The corn growing season has been near ideal so far. If we have had a fertilizer leaching rain event since the first of March, I can’t remember it. We know that the high rates of sunshine (and photosynthesis) in dry years typically lead to our best corn yields with good irrigation management. Except in minor cases, disease incidence has been low in my observations. I hosted a “Self-Guided Corn Tour” this week and continue to be optimistic about the potential of this crop. However, Southern Corn Rust which we know can be an aggressive and costly disease is showing up locally.
I encourage corn growers to do the following NOW:
1. Contact your seedsman and ask about the susceptibility of the hybrids on your farm.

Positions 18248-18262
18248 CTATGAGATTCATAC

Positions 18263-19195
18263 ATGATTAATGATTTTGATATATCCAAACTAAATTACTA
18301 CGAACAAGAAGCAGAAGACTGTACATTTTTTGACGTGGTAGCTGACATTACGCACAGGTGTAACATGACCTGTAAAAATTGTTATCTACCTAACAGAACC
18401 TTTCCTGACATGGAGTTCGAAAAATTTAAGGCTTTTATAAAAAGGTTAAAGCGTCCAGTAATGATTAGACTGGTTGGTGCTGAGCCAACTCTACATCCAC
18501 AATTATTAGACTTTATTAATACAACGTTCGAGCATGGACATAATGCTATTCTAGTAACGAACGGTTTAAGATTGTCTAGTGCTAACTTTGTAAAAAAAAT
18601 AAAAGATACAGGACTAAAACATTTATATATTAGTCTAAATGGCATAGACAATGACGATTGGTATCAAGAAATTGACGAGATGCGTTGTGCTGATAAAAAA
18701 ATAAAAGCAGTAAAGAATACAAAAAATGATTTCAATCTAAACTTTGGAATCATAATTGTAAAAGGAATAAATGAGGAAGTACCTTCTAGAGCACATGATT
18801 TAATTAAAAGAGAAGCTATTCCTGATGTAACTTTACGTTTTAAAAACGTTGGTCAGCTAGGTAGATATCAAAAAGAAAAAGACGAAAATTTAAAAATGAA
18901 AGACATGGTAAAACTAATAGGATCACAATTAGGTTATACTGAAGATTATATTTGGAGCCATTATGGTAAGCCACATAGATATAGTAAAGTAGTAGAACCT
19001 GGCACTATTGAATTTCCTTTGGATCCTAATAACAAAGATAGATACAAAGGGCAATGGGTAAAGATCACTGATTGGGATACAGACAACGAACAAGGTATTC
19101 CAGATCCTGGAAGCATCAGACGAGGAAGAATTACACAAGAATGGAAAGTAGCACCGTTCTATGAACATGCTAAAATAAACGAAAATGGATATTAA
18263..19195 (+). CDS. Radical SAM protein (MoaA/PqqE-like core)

2. Scout your corn fields and identify disease incidence levels.
3. If you applied fungicide to your cornfields 14+ days ago, check them again. This farm was treated once, 15 days previously.
We learned a great deal in 2014 about the susceptibility of the most popular corn hybrids grown in the southeast and the potential yield impacts. Let this experience work for you and consider the risks of Southern rust very real to your successful corn production.The optimum conditions for rust development are temperatures from 80 to 90 degrees F and high humidity. Yield loss can be severe especially when corn is planted late and environmental conditions are favorable for disease development.